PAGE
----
TOLEDO, OH (WTOL) - The U.S. has resettled around 2,000 Syrian refugees since the conflict began in Syria in early 2011. The majority of those refugees have arrived in the past year, and Toledo has also been seeing an influx of refugees seeking asylum.
This year, Toledo has resettled 47 total refugees through the agency US Together; that number will climb to 54 after a new family arrives over the weekend.
After the recent attacks in Paris, governors in 30 states have asked for the resettlement to stop until security concerns can be addressed, including Ohio Gov. John Kasich and Michigan Gov. Rick Snyder.
Mayor Paula Hicks-Hudson says she has always been an advocate for diversity and inclusion, and that while security is a top priority, the Syrian refugees are fully screened before they're allowed entrance into the U.S. and ultimately Toledo.
"While we know that there are incidents and we have to be safe, everything is really being done to ensure that if someone comes from Syria as a refugee, that they've been vetted and gone through a rigorous review by the Department of Homeland Security to make sure that these are people that are truly looking for asylum," she said. "While I understand folks are wanting to be safe, and I agree with that, we have to do everything we can, and we are. That's the other part that we don't talk about is that we are doing just that: making sure that our police chief is talking with his counterparts to make sure that there's nothing going on that could be adverse to us here in our area. We just have to be that compassionate city that we are."
Mayor Hicks-Hudson also noted that the rate of accepting refugees could possibly slow down in the near future.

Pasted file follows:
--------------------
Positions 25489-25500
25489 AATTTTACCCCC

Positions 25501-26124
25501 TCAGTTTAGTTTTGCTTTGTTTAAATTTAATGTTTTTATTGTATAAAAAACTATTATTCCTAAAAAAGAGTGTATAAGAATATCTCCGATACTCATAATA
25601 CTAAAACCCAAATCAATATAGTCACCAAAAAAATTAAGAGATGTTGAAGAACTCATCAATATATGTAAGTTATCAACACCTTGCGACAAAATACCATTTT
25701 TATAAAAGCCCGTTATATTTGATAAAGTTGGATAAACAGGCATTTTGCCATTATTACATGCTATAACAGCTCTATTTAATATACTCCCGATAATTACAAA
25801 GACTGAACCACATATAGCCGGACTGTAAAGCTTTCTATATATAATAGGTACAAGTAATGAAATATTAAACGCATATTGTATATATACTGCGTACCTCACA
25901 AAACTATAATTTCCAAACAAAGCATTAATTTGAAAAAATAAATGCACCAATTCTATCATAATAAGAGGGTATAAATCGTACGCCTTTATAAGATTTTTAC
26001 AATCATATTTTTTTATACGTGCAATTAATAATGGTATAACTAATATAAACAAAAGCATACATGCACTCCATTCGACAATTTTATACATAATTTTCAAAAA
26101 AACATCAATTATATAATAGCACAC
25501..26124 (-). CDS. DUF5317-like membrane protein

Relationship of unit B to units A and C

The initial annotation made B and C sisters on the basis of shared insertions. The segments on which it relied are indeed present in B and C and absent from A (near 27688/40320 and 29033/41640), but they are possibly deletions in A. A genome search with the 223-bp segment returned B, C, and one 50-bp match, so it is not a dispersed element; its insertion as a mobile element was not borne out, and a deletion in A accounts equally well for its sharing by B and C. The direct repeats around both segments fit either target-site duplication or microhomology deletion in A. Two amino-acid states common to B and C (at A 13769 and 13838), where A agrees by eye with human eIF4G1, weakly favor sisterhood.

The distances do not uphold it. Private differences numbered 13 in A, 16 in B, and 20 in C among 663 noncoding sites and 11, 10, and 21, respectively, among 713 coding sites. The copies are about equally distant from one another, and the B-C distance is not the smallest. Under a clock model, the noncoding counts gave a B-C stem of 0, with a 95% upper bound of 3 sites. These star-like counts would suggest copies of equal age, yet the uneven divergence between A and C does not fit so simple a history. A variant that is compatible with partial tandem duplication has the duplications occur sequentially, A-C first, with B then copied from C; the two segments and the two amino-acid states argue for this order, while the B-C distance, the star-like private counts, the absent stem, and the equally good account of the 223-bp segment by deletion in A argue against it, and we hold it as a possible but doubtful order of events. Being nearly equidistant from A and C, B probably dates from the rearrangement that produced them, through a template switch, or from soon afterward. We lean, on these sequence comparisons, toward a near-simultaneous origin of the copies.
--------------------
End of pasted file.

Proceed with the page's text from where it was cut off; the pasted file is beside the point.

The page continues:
"I think that probably because of what's happened, it might slow down because of the concerns that are being raised. But I don't want us ever to forget that this is what we are as a community: what makes Toledo so unique is that diversity. And that diversity is because people came to this country and settled in Toledo because of their needing to leave wherever they were," she said.
As far as the possibility of some cities, like Toledo, utilizing "home-rule authority" in allowing Syrian refugees to resettle, Mayor Hicks-Hudson says currently, that's solely a federal and state issue.
"We look at home rule as the ability for us to regulate and to run our government and to make decisions for the voters here," she said. "For example, the marijuana issue, where we changed our municipal code, there's possible conflict between us and the state on that. That's the relationship between the state and local government. Whatever would happen between the state and the federal government (with regards to refugees), that's the first hurdle that has to be overcome. I'm not seeing where you're dealing with international issues that would impede the federal government, impeding the state in areas of government that they can govern."
The mayor released the following official statement:
"As a compassionate city, we grieve for the people all over the world suffering loss for the acts of terrorism. We stand with those affected and offer our deepest sympathy.
As our city has done so in the past, we will remain a place of refuge. Our stance is part of our overall makeup as a compassionate city and based on a philosophy of basic human rights. We do not support terrorists or terrorism. Many of these refugees are families who are, in fact, fleeing terrorism in their homeland. Just as Toledo was a haven for Hungarian refugees in 1950s, we must continue to be one for people seeking safe havens.
Toledo joins with the Welcome Toledo-Lucas County Initiative in providing opportunities for people to find a place of refuge. As part of the initiative, Homeland Security provides rigorous background checks that can take up to two years on émigrés to the United States that are seeking permanent residence here, such as the Syrian refugees. We will continue to work to be a welcoming and inclusive community."
Mayor Hicks-Hudson also noted that historically, Toledo has been a refuge for other immigrant groups, referencing Irish, Hungarian and 'Little Syria' neighborhoods in the city.
For more information on Toledo's refugee resettlement agency, US Together, click here.